Thursday, 14 April 2011

Random Review #44 The John Butler Trio - Sunrise Over Sea

C2S8CD15 picked by Twitter friend @dazlee1 a keen lover of music and one of the few people that still remembers Icehouse and The Big Dish (but I’m not talking about either of those bands today!) @dazlee1 picked The John Butler Trio – Sunrise Over Sea, and this has been a great listen and a surprise to me and here’s why.

In 2009 I went to Manchester to see Jack Johnson until then I had really embraced the surfers who sing music vibe, having CD’s by Jack Johnson, Glove, Donavon Frankenreiter and The John Butler Trio, the Jack Johnson gig turned out to be really boring and as sometimes happens to me a bad gig turns me off the artist. I have since returned to Donavon Frankenreiter and his wonderful soulful tunes but John Butler has sat on the shelf dismissed along with Johnson as dull. How wrong I was the last thing The John Butler Trio are is dull, and the only way they would sound anything like Jack Johnson is if someone stuck a rocket of funky Jam fusion up Jack’s arse!

The John Butler Trio are from Australia, and prior to writing this tried to think of any other Australian artists I had music by, AC/DC and Nick Cave came to mind quickly, then INXS and Icehouse and more currently the wonderful Alex Lloyd, I don’t have any Kylie (honest) and can safely say I have never owned that horrible single by Men at Work, but it appears that my music collection is somewhat short of music from the land down under! I have a couple of John Butler Trio studio albums and a live album and think this equates to half of John Butlers musical output, but think I might be looking out for the rest after rediscovering this artist.

So to the music, first and foremost this music makes me want to dance, not, nice dancing where you just want to be part of the crowd, this music makes me want to spin like a top in the middle of the street like Tasmanian Devil with a firecracker tied to its tail (if they have tails) without care of who might see me or what they might think. Listening to this CD in the car made me use the peddles as drums, and this sometimes isn’t the best idea when your pumping the accelerator like a bass drum and look down to realise you are doing 90 miles an hour! (Sorry Officer)The bass is high in the mix and goes from high funk to reggae beats with easy. The drums seem tribal at some points on the album, driving the song along. There is a couple of chilled songs on the album John Butler playing banjo and acoustic guitar in the quieter moments but most of the album falls in the high tempo beach funk (think I might copyright that) 4 songs come in at over 6 minutes as the beat rises in the song and the jam begins within the song, I suspect that live some of the songs life of their own and as some of you might know how I like a jam band so this really is my kind of music. Its hard to pull favourites off this album, but Treat Yo Mama, Zebra, Bound To Ramble and the albums epic closing track Sometimes as a bit special.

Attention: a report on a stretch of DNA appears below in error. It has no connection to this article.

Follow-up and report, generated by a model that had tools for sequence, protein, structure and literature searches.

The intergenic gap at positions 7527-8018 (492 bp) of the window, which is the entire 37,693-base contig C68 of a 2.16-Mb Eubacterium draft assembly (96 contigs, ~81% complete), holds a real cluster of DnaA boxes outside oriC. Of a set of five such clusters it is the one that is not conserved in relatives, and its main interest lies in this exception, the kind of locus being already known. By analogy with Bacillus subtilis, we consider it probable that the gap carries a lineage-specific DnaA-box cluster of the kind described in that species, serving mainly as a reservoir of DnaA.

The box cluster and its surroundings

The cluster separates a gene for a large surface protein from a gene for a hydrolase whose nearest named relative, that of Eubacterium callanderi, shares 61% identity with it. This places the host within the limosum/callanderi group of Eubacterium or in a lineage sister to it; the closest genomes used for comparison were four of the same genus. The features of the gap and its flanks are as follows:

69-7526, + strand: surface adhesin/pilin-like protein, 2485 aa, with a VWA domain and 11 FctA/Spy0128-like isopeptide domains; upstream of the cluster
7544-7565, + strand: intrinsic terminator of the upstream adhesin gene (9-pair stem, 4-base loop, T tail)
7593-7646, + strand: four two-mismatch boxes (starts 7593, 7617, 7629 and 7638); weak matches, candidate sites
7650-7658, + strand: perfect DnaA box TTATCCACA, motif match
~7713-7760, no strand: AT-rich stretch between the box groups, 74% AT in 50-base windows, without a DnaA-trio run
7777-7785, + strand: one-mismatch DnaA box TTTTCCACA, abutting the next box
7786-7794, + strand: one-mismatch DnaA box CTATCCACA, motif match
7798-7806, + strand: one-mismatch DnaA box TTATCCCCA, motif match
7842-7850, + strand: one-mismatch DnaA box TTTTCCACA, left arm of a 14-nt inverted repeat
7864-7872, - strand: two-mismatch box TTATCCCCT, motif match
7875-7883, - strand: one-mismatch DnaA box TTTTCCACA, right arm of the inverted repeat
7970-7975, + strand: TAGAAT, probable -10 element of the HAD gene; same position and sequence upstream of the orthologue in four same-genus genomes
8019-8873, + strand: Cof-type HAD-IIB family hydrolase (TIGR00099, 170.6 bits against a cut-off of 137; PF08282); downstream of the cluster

Whilst on the topic of the final track I have to mention a bug bear of mine, hidden tracks on albums, WHAT IS THE POINT? They mess with your iPod, play havoc with your CD player that doesn’t stop when it should and all round are just a pain in the arse, put the track on or leave it off, don’t ‘surprise’ us with a hidden track, (oh yeah and then mention who wrote the ‘hidden track’ in the liner notes!) If you own White Ladder by David Gray after track one has started playing press fast reverse and keep your finger down, there is a hidden track at the beginning of the CD, clever, NO, stupid, YES. Just stop it. Rant over. The reason for the rant as the last track Sometimes is around 12 minutes long then we have another 5 minutes of noises of sorts, just unnecessary.

So rant aside this is a wonderful album be an underrated artist who I would recommend you all take a listen to.

Mark 9/10

1 comment:

  1. Hidden tracks were clever for about a year, and then digital displays on CD players were invented, not so hidden...